English edit

Etymology edit

From Latin incohātus (begun, unfinished), perfect passive participle of incohō (begin). Cognate with Spanish incoar (to initiate, commence, begin).

Pronunciation edit

Noun, adjective:


Adjective edit

inchoate (comparative more inchoate, superlative most inchoate)

  1. Recently started but not fully formed yet; just begun; only elementary or immature.
    Synonyms: elementary, immature, embryonic, incipient, nascent, rudimentary
    • 1614, Walter Ralegh [i.e., Walter Raleigh], The Historie of the World [], London: [] William Stansby for Walter Burre, [], →OCLC, (please specify |book=1 to 5):
      neither a substance perfect, nor a substance inchoate
    • 1677, Richard Allestree, The Art of Contentment, page 187:
      It do's indeed perfect and crown thoſe graces which were here inchoate and begun, but no mans converſion ever ſucceeded his being there ...
    • 1803, Supreme Court of the United States, Marbury v. Madison:
      This appointment is evidenced by an open, unequivocal act, and, being the last act required from the person making it, necessarily excludes the idea of its being, so far as it respects the appointment, an inchoate and incomplete transaction.
    • 1839, Cherokee Constitution:
      It being determined that a constitution should be made for the inchoate government, men were selected by its sponsors, from those at the Illinois Camp Ground, including as many western Cherokees as could be induced to sign it.
    • 1885, Robert Gascoyne-Cecil, On the Death of General Gordon:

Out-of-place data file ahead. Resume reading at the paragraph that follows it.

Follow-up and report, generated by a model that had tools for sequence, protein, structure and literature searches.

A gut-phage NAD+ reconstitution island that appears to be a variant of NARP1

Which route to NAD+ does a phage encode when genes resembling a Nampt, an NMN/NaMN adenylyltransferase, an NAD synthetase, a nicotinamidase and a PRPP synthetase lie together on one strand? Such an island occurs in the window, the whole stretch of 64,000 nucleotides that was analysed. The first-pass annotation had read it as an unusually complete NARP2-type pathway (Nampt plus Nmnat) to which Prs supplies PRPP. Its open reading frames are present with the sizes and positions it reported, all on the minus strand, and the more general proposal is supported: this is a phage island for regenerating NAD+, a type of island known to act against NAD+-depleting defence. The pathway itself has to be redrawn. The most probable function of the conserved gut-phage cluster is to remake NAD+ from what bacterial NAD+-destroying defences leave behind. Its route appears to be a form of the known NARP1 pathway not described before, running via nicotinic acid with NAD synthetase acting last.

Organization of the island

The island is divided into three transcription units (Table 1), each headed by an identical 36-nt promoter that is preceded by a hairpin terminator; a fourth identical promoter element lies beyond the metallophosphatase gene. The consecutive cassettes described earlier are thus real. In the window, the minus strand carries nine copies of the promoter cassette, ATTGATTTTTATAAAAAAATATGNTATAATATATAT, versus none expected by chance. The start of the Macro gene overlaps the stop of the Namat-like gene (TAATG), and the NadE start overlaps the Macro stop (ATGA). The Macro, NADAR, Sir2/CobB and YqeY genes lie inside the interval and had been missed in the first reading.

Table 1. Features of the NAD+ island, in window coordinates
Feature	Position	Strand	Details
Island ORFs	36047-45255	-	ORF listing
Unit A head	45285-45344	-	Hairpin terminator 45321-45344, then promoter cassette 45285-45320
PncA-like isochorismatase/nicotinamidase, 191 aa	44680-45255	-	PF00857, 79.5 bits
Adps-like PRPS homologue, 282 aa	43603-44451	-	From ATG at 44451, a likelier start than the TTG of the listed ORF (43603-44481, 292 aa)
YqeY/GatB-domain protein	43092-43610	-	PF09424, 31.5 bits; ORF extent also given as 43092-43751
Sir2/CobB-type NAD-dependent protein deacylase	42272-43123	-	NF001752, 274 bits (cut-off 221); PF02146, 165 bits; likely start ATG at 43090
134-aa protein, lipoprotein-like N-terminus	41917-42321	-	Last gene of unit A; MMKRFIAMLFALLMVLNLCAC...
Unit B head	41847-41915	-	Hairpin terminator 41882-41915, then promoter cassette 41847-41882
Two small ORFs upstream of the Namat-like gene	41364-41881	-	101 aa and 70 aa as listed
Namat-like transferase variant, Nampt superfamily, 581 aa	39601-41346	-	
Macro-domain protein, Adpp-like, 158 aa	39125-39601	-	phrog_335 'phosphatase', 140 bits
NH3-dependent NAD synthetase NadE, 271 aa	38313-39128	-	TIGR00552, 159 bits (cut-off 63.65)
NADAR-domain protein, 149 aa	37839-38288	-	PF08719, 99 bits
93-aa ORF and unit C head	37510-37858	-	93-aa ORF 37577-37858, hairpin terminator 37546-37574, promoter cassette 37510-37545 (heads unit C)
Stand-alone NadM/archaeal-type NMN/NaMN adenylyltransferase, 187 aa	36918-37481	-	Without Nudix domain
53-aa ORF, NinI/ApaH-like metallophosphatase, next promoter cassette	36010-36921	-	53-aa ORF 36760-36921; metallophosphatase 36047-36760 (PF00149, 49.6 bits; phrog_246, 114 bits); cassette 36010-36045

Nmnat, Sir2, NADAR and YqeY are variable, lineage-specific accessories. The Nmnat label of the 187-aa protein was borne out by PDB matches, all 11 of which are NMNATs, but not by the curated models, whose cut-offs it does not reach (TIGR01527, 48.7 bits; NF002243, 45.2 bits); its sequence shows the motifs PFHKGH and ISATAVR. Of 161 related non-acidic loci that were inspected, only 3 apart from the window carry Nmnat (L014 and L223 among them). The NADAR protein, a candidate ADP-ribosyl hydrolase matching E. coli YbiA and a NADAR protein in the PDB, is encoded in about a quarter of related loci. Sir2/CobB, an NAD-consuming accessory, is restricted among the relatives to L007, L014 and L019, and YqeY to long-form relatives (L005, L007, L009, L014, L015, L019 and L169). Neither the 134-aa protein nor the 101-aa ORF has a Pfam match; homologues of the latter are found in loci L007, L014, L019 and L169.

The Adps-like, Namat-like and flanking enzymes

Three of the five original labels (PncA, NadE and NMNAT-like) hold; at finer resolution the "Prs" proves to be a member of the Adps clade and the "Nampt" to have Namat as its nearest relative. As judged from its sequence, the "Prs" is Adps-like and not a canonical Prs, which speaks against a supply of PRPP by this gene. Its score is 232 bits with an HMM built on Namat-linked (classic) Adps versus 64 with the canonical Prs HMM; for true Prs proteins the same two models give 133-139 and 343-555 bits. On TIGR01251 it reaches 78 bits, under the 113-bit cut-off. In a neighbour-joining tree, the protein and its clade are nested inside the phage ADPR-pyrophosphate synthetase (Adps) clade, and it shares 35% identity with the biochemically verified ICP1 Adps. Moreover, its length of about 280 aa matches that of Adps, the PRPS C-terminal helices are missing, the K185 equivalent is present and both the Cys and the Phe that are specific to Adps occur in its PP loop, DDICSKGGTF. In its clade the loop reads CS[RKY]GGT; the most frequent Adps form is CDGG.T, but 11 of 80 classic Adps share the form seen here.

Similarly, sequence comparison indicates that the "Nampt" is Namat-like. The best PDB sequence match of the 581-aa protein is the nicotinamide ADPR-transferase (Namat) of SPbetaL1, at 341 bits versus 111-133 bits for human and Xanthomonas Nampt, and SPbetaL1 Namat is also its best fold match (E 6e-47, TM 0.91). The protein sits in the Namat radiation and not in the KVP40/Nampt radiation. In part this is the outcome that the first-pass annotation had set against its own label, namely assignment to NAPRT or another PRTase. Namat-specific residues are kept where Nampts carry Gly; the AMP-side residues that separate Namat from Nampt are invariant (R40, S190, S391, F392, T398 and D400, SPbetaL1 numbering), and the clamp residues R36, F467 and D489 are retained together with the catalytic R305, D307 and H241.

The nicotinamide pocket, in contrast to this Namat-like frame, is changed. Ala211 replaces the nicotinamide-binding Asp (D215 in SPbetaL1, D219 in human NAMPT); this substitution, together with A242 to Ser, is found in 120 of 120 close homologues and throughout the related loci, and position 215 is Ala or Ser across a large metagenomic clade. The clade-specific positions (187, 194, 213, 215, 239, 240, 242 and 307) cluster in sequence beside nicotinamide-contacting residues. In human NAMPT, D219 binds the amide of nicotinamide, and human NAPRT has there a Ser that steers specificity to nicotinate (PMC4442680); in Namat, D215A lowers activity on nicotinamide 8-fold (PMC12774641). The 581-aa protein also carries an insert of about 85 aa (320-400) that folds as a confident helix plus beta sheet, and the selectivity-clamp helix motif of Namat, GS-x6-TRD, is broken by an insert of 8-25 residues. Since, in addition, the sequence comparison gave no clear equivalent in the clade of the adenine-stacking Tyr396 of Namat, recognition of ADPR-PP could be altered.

...unfortunately, we have to face inchoate schemes which will demand the utmost jealousy and vigilance of Parliament.
    • 1889, Robert Louis Stevenson, Lloyd Osbourne, “The Tribulations of Morris: Part the First”, in The Wrong Box, London: Longmans, Green, and Co., →OCLC, page 85:
      The private conception of any breach of law is apt to be inspiriting, for the scheme (while yet inchoate) wears dashing and attractive colours.
    • 1892, George Gissing, Born In Exile:
      A youth whose brain glowed like a furnace, whose heart throbbed with tumult of high ambitions, of inchoate desires.
    • 1919, H. P. Lovecraft, The Doom That Came to Sarnath:
      Very odd and ugly were these beings, as indeed are most beings of a world yet inchoate and rudely fashioned.
    • 1928, Hermann Hesse, Steppenwolf:
      How inutterably sad was the look this fluid inchoate figure of the wolf threw from his beautiful shy eyes.
    • 2004 March 29, David Hajdu, “Folk Hero”, in The New Yorker:
      Guthrie’s inchoate socialist leanings grew into a deep commitment to the labor movement.
  2. Chaotic, disordered, confused; also, incoherent, rambling.
    • 2012, Andrew Martin, Underground Overground: A passenger's history of the Tube, Profile Books, →ISBN, page 73:
      The Met's chairman, Sir Edward Watkin, was also chairman of that company [the Manchester, Sheffield & Lincolnshire Railway], which duplicated other railways' routes in an inchoate way between Manchester and Grimsby, and generally stumbled about the north.
    Synonyms: chaotic, confused
  3. (law) Of a crime, imposing criminal liability for an incompleted act.
    • 2006, United States v. McKenney, 450 F.3d 39 (1st Cir. 2006)
      Congress considers the inchoate offenses of attempt and conspiracy, even conspiracy without an overt act, to be just as serious as the federal substantive drug offenses which they contemplate.

Translations edit

Noun edit

inchoate (plural inchoates)

  1. (rare) A beginning, an immature start.

Verb edit

inchoate (third-person singular simple present inchoates, present participle inchoating, simple past and past participle inchoated)

  1. (transitive) To begin or start (something).
  2. (transitive) To cause or bring about. In Crime: to encourage, assist, conspire, aid & abet, incite etc
  3. (intransitive) To make a start.

Related terms edit

Anagrams edit

Latin edit

Pronunciation edit

Verb edit


  1. second-person plural present active imperative of inchoō